Stories Behind the Portraits: Judge Ephraim Allison

George Caleb Bingham, Judge Ephraim Ball Allison, 1872
Oil on Canvas, 30 x 25 inches
Private Collection

Bingham scholar E. Maurice Bloch listed the portraits of Mrs. Ephraim Allison (Ruth McCarty), 1872 (A383) and Tom Edward Allison, 1872, (A384) in his definitive work, George Caleb Bingham Paintings: A Catalogue Raisonne, (University of Missouri Press, 1986).  As I worked with lists and images of Bingham portraits, I wondered, wouldn’t Bingham have painted Mr. Ephraim Allison as well?  The thought passed, barely noticed.

Years later, I received a message from a descendant of the Allisons.  He owned a portrait his ancestor, Judge Ephraim Allison, which had passed down through his family.  He had seen a copy of the Bloch Catalogue Raisonne and the images of Mrs. Ephraim Allison and son Tom.  He had not been aware of those two paintings. Was George Caleb Bingham also the artist of his family heirloom?

I was scheduled to speak in the coming months not far from the man’s home at the Midwest Genealogy Center in Independence, Missouri, during the Bingham Bicentennial in 2011.  The Center made arrangements for the Judge’s portrait to be transported there.  The portraits, Mrs. Ephraim Allison (Ruth McCarty) and Thomas Edward Allison were now part of the McClain Collection in Independence, Missouri. Ken McClain gave his permission to lend those two portraits to the Center.  During my presentation, the owner of Judge Allison spoke about his grandfather with reverence. We then unveiled the three portraits.

George Caleb Bingham, Mrs. William Sappington (Mary Mildred Breathitt), 1844 (148)
George Caleb Bingham Allison Family Portraits.
Judge Ephraim Ball Allison (1835-1905), Mrs. Ephraim Allison (Ruth McCarty) (1844-1930), Thomas Edward Allison (1871-1872),1872

Even the original, unique frames of the portraits of Ephraim and his wife were identical. Cross-hatching on a dark background instead of more familiar gold-leaf rosettes.

Judge Ephraim Allison and Ruth McCarty Allison

The portrait of the judge has not undergone scientific examination.  The long straight beard fits the style of the early 1870s, the same time that George Caleb Bingham painted the portraits of Ruth and Tom Allison. A number of Bingham connoisseurs have examined it and agreed to its  authenticity.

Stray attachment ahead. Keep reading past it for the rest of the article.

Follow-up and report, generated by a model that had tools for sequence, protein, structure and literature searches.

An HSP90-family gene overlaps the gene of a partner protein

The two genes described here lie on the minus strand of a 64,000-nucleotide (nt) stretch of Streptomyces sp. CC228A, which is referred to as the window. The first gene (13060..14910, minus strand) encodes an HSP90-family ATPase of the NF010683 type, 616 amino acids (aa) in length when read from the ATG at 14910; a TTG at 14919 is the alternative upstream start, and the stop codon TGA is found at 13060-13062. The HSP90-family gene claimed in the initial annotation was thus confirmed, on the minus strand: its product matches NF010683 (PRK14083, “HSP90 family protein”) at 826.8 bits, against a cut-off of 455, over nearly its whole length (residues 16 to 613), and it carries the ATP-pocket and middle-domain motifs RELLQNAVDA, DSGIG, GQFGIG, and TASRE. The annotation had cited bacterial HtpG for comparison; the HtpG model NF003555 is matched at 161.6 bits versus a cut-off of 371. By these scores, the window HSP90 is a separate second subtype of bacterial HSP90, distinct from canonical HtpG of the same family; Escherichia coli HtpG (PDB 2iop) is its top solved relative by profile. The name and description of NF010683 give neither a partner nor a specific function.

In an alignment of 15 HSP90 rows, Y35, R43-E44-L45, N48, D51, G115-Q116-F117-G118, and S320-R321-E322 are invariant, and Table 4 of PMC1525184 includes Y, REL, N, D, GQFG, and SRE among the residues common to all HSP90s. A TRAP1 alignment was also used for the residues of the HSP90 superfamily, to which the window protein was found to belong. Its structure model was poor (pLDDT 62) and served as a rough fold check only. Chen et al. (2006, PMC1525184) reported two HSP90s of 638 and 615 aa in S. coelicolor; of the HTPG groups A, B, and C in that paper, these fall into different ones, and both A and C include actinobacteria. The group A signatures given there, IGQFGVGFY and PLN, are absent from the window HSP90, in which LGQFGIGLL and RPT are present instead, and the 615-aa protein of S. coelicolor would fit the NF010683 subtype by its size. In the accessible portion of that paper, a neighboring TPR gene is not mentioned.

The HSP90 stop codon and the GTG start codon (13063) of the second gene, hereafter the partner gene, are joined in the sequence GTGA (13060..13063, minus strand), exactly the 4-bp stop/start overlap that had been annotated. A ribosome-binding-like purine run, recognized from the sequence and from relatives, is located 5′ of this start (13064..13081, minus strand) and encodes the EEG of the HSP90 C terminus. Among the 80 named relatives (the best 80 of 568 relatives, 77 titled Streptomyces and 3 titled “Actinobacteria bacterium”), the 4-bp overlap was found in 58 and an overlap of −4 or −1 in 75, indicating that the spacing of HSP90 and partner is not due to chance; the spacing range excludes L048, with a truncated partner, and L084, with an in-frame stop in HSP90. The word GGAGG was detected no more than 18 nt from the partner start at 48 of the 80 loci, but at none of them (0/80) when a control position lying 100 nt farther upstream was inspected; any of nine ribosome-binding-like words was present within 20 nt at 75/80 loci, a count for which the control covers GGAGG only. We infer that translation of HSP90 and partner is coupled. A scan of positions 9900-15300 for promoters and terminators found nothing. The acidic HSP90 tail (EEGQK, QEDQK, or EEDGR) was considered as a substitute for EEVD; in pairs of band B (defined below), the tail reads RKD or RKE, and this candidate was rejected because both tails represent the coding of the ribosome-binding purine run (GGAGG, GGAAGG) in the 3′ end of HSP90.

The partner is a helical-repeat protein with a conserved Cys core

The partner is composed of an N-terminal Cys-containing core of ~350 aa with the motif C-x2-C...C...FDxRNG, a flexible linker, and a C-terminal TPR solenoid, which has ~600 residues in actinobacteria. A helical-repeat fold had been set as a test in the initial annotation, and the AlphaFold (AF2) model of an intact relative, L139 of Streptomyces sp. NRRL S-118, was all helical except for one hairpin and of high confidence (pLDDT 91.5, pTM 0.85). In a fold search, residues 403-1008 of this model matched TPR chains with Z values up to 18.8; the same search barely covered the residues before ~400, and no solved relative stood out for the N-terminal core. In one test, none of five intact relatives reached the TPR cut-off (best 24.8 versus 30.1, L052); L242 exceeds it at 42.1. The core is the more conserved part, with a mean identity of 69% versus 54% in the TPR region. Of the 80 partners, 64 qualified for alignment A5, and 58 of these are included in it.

To see the family portraits re-united was an inexpressible thrill.  My thanks to both owners and to the Midwest Genealogy for their generosity in reuniting the three paintings. View the reunion and the presentation, George Caleb Bingham, an Art Detective, and Genealogy.

A Biography of Judge Ephraim Ball Allison (1835-1905)

George Caleb Bingham, William Breathitt Sappington, 1844 (147)
George Caleb Bingham, Judge Ephraim Ball Allison, 1872
Oil on Canvas, 30 x 25 inches
Private Collection

The life of  Ephraim Allison is, like all individual’s stories, unique. At the same time, the biography of Judge Allison((Adapted from a biography of Judge Ephraim Ball Allison by Dan Miles, publisher and owner of The Clinton Daily Democrat, Clinton, Missouri, emailed to the author 23 March 2011. Used with permission. Specific genealogical information added whenever possible.)) is not unlike hundreds, if not thousands, of life stories of Missourians born into families with southern roots,  who lived through the Civil War, and whose lives changed because of the conflict.  George Caleb Bingham preserved the faces of these people on canvas. Although he scoffed at the idea of imparting the soul of a subject to canvas, a feat, he declared “rather transcends the limits” of an artist’s powers, Bingham acknowledged that an artist’s “clear perception and practiced eye” enabled him to paint an expression that revealed a person’s “thoughts, emotions, and to some extent, mental and moral character.”((George Caleb Bingham, “Art, the Ideal of Art, the Utility of Art,” Lecture at University of Missouri,  written by the artist but given by his friend James Sidney Rollins, on March 1, 1879, in Lynn Wolf Gentzler, editor, Roger E. Robinson, compiler, “But I Forget That I am a Painter and Not a Politician”: The Letters of George Caleb Bingham, (The State Historical Society of Missouri and Friends of Arrow Rock, Inc., 2011), 504.))